The Academic Staff Union of Polytechnics (ASUP) has announced plans to embark on a nationwide strike starting from August 22.
The union vowed to commence the industrial action, if the Federal Government fails to honour the agreement it reached with the union in 2013.
ASUP President, Mr Usman Dutse, disclosed this to reporters on Thursday at the end of a Zone A emergency meeting of the union in Kaduna State, northwest Nigeria.
He lamented that since the suspension of the protracted strike in 2014, the government is yet to address some of the core issues that necessitated the strike.
Mr Dutse urged the government to as a matter of urgency, address these issues in order to avoid another nationwide industrial action.
A communique read by the Zone A Coordinator of ASUP, Kabir Yunusa, noted that no significant progress has been made by government in resolving the issues.
The statement highlighted the issues to include the non-implementation of Needs Assessment Report of 2014, non-payment of salaries in many state-owned institutions, delay in the review of the Polytechnic Act and poor funding of polytechnics among other demands.
The ASUP President said that despite giving the government enough time when it came on board last year to settle down and address all pending issues, the present administration has showed no concern about the plight of lecturers, whose salaries were being reduced or owed in most federal and state polytechnics.
The Anti-corruption Academy of Nigeria, an arm of the Independent and Corrupt Practices Commission (ICPC), has decried the increasing cases of corruption in tertiary institutions.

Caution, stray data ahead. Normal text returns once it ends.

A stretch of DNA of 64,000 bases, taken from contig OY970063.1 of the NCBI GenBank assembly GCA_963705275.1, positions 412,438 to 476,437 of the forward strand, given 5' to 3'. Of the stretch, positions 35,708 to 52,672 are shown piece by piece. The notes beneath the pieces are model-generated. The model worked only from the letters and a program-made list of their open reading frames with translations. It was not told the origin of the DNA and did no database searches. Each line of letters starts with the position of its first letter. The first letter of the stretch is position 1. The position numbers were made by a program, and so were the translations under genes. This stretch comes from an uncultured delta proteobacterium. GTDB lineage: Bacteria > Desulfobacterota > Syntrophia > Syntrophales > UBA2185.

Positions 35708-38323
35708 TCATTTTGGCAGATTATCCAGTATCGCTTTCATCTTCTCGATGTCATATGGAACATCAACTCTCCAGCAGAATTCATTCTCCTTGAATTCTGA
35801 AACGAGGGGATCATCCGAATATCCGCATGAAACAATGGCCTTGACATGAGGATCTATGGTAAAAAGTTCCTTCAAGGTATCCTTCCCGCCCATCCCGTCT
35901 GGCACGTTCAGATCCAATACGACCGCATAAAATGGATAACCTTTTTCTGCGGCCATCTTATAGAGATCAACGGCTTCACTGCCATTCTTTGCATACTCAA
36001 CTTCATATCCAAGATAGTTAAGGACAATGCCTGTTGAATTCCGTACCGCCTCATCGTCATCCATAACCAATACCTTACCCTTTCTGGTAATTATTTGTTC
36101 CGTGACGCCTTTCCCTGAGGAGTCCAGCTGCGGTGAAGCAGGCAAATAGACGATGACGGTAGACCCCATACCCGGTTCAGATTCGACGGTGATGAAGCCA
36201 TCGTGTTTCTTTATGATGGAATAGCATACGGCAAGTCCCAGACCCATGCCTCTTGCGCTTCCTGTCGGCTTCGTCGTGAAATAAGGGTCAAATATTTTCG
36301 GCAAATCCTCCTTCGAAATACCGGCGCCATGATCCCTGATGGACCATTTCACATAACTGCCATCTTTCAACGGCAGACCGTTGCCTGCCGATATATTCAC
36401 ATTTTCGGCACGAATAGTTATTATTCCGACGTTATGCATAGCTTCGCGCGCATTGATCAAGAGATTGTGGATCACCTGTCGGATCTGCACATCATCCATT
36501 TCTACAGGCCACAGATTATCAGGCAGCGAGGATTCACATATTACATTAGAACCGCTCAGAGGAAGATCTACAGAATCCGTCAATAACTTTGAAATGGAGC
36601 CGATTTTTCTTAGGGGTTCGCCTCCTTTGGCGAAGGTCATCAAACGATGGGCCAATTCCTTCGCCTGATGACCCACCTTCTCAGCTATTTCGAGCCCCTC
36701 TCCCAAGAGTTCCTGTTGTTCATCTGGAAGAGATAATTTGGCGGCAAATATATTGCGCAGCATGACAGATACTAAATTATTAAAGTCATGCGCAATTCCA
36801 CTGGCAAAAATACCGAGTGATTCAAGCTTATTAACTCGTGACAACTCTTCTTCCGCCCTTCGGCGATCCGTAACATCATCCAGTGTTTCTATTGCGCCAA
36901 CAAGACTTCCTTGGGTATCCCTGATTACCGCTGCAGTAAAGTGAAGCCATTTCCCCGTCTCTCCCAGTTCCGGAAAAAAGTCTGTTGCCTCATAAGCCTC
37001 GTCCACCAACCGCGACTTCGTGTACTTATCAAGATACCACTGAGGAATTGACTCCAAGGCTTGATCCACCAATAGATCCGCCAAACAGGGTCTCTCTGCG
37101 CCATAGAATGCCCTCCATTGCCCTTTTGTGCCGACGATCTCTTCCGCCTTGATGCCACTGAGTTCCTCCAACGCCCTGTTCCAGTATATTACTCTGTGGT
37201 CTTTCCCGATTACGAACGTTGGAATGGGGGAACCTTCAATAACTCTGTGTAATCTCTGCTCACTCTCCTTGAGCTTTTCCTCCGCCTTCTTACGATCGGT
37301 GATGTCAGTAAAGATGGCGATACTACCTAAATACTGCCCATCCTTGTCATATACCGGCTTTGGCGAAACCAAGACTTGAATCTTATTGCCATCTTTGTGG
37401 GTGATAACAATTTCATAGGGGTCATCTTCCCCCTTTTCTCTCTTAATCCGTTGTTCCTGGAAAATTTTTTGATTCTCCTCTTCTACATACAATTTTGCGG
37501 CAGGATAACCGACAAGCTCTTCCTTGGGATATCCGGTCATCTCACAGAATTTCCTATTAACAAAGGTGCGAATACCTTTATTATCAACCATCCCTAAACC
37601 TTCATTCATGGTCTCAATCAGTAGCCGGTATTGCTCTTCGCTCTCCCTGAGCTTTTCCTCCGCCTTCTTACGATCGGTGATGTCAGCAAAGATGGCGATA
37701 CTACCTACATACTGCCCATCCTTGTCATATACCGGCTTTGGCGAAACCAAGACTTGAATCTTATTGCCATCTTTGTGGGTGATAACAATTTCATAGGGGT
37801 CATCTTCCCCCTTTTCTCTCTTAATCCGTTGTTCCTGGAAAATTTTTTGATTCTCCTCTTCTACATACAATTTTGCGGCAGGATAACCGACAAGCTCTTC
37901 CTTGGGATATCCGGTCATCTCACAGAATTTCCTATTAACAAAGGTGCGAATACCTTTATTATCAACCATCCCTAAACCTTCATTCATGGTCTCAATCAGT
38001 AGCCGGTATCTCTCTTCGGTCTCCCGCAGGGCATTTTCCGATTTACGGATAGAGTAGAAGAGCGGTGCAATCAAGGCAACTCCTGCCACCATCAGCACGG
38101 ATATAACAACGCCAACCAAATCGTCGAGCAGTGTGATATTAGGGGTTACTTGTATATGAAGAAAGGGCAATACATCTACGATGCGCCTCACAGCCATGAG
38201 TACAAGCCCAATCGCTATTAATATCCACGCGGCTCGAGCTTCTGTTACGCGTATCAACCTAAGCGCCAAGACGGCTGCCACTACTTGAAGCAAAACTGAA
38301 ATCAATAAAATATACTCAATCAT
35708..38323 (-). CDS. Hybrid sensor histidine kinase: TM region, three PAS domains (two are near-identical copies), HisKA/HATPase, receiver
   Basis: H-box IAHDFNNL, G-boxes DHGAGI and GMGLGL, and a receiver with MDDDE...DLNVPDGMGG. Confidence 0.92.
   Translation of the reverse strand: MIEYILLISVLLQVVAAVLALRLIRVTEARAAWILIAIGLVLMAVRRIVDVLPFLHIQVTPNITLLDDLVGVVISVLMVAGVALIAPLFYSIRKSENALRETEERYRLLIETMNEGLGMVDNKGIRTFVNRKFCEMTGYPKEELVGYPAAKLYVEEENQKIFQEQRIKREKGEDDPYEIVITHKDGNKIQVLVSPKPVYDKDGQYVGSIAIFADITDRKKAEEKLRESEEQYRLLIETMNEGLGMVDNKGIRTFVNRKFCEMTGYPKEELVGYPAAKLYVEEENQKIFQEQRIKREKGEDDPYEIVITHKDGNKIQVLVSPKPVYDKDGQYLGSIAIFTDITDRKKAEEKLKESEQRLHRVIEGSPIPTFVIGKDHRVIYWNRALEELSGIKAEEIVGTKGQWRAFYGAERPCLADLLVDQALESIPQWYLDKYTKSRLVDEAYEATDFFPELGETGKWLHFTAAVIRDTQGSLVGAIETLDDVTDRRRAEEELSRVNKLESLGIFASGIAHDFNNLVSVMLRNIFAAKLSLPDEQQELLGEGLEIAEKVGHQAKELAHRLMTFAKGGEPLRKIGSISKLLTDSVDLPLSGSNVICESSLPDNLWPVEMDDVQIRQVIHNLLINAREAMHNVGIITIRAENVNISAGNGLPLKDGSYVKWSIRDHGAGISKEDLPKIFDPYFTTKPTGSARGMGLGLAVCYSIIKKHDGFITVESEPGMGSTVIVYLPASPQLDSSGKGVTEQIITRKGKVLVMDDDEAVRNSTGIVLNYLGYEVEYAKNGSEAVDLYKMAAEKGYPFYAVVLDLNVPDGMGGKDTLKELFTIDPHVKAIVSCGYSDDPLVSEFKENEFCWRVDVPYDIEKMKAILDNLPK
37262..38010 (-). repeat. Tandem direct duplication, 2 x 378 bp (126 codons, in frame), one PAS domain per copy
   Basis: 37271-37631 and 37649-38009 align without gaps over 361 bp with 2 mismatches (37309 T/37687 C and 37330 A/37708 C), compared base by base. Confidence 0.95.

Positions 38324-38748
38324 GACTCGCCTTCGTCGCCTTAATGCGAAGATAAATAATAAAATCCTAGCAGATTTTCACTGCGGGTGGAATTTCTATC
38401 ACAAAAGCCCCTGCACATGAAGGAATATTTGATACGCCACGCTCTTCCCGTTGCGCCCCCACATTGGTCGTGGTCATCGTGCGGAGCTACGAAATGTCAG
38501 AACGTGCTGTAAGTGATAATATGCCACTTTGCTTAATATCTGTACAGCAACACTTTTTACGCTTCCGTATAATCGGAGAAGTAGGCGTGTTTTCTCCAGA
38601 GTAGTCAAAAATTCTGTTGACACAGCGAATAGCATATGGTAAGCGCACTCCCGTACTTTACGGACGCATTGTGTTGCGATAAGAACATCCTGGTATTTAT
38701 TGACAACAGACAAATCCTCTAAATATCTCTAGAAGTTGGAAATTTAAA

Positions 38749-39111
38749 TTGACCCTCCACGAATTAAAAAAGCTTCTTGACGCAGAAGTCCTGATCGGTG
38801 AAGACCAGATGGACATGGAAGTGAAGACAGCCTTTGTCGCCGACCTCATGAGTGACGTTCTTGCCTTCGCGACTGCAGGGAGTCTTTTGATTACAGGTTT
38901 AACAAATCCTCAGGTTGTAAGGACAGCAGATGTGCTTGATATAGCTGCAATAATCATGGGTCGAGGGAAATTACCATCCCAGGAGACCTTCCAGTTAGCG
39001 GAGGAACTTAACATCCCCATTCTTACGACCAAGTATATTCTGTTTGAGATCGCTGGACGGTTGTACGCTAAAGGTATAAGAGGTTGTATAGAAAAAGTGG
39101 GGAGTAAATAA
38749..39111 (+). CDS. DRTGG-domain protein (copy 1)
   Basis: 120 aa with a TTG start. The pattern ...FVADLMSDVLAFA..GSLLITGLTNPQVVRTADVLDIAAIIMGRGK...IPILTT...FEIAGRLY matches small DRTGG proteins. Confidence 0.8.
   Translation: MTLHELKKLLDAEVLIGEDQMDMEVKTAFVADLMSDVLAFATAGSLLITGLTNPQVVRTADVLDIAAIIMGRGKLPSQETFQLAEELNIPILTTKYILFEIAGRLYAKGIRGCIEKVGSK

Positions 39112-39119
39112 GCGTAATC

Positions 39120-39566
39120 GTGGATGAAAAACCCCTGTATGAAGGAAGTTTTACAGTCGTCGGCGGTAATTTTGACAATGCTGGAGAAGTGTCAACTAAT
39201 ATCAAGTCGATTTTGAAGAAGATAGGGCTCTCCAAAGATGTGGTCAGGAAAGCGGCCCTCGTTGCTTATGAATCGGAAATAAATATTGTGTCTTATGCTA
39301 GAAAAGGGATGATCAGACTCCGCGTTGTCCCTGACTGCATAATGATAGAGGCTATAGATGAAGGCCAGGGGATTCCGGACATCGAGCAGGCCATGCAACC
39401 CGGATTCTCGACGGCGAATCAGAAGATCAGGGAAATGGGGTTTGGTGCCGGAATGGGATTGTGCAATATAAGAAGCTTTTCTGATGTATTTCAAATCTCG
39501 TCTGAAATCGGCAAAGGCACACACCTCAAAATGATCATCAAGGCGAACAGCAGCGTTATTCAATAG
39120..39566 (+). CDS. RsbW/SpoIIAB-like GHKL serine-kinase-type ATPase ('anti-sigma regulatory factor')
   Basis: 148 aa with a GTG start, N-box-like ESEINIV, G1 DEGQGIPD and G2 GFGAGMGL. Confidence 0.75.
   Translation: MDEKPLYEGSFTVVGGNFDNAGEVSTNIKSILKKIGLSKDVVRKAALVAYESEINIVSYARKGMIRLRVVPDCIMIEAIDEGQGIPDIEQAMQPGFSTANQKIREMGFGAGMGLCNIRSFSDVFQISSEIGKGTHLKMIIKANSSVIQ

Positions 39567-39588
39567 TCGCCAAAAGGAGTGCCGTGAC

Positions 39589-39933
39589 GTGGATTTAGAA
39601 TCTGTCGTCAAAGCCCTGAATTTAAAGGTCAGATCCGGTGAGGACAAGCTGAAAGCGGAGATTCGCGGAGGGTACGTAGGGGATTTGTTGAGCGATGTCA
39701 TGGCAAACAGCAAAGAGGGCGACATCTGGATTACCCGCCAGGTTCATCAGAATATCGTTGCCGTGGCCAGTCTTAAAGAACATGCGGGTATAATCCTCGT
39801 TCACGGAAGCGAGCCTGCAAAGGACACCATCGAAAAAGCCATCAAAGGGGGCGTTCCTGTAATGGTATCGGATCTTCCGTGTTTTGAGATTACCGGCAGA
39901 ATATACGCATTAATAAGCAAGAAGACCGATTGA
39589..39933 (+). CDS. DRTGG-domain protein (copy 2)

Addressing participants at a national workshop on ‘Academic Integrity for Nigerian Polytechnics and Allied Institutions’, the Provost of the academy, Sola Akinrinade, said that corruption in any form was unacceptable and that culprits would be made to face the law.
Professor Akinrinade said that findings from a study conducted by the commission and the National Universities Commission (NUC), revealed major areas where corruption had manifested itself in the operation of tertiary institutions.
With a pledge to collaborate with the Anti-corruption Academy, the Executive Secretary of the National Board for Technical Education, Mas’udu Kazaure, criticised the running of unapproved programmes by some institutions.
The Registrar of the Joint Admissions and Matriculation Board, Dibu Ojerinde, however, blamed heads of tertiary institutions for the corruption in the system.
The workshop, which had in attendance Rectors of polytechnics, monotechnics and specialised institutions, was aimed at entrenching academic integrity in admissions, examinations, appointments, promotion and staff disciplinary matters in the nation’s tertiary institutions.
The Academic Staff Union of Polytechnics (ASUP), have threatened to embark on an indefinite strike on Wednesday 25th February, if government fails to meet their demands.
President of the Union, Mr Chibuzor Asomugha told journalists during a press briefing in Abuja that government has not implemented any of their demands since the suspension of the last strike embarked upon by the Union in July last year.
ASUP is aggrieved over the dichotomy that exists in the way Polytechnic and University graduates are treated in the labour market, and the poor attention given to the polytechnics.
They are also kicking against government’s non-implementation of an agreed salary structure since 2009.
The Chairman, Senate Committee on Education, Uche Chukwumerije, has expressed disappointment at the Federal Government over their response and unwillingness to negotiate with the leadership of the Academic Staff Union of Polytechnic (ASUP) to bring to an end the lingering strike rocking polytechnic education in Nigeria.
He stated this at the committee meeting with the leadership of ASUP, in which the Minister of Education, Minister of Labour and the Secretary to the Government of the Federation were absent.